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Study Abroad in the Fall

While Vanderbilt students are studying abroad in increasing numbers, fall study abroad is an option that many students—from Vanderbilt and beyond—do not take full advantage of. The fall semester provides a wonderful opportunity to embark on your study abroad experience and we encourage students to consider the following perks and benefits of studying abroad in the fall.


Vanderbilt students studying abroad during the fall on VU-approved programs will receive funds as follows when they attend any of the listed partners’ programs. Due to situations arising from the pandemic, some perks may be unavailable; see our FAQ page for details.

  • CET programs: $1000 scholarship
  • CIEE programs: $1000 flight voucher, need basis only (students must complete the CIEE need-based scholarship application in order to receive the voucher)
  • IFSA programs: $1000 scholarship, $500 of which is paid as a stipend upon arrival to study abroad program
  • DIS programs: $1000 scholarship
  • SIT programs: $1000 scholarship

These awards are extended automatically to all students who study abroad in the fall. For questions about how this funding will work in conjunction with your financial aid package, please reach out to your financial aid officer.

Early Registration

We understand that for students abroad in the fall, time zone differences make registering for on-campus courses a pain. However, when you study abroad in the fall on a GEO-administered program, you will be able to enroll early for your spring courses back at VU. Prior to going abroad, you will receive information indicating your early registration window date, so you can register before your stateside peers. This special benefit is available only to students abroad in the fall.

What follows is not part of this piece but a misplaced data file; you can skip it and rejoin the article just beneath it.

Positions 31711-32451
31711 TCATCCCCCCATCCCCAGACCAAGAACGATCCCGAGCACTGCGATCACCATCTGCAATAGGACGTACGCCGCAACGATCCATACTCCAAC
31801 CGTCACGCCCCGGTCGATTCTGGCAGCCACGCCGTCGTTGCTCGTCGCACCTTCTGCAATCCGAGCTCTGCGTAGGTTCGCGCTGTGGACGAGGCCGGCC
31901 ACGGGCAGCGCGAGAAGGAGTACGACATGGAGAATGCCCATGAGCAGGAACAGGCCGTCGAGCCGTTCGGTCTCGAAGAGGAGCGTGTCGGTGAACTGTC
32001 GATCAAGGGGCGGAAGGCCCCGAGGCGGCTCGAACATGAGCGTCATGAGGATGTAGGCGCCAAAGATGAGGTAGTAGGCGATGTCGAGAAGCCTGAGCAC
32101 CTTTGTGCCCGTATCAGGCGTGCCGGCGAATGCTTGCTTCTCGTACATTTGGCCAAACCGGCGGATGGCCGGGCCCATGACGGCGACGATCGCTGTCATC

Picasso’s Château, Vauvenargues, France. Courtesy of Olivia Snow Gilmore

Career Resources

Connect with a Career Coach to discuss how studying abroad might benefit and intersect with your job or internship search. Recruiting for internships and post-grad jobs takes place year-round, and most organizations are open to distance recruiting through Skype or other platforms. You can meet virtually with recruiters and prospective employers throughout the year, regardless of when you study abroad. See more regarding how the Career Center supports study abroad students.

Also be aware that many study abroad programs offer internship, volunteer/service learning, and/or research experiences that provide valuable skills for the workplace and future graduate study. You can also use your study abroad time to develop connections and network with potential internship or employment sites. When you return from fall study abroad you will have many opportunities to participate in Career Center offerings including the spring SLAMs, networking events, employer information sessions, on-campus interviews, and receive coaching on how to leverage your international experience to improve your career prospects. More on the timing of career counseling and career search.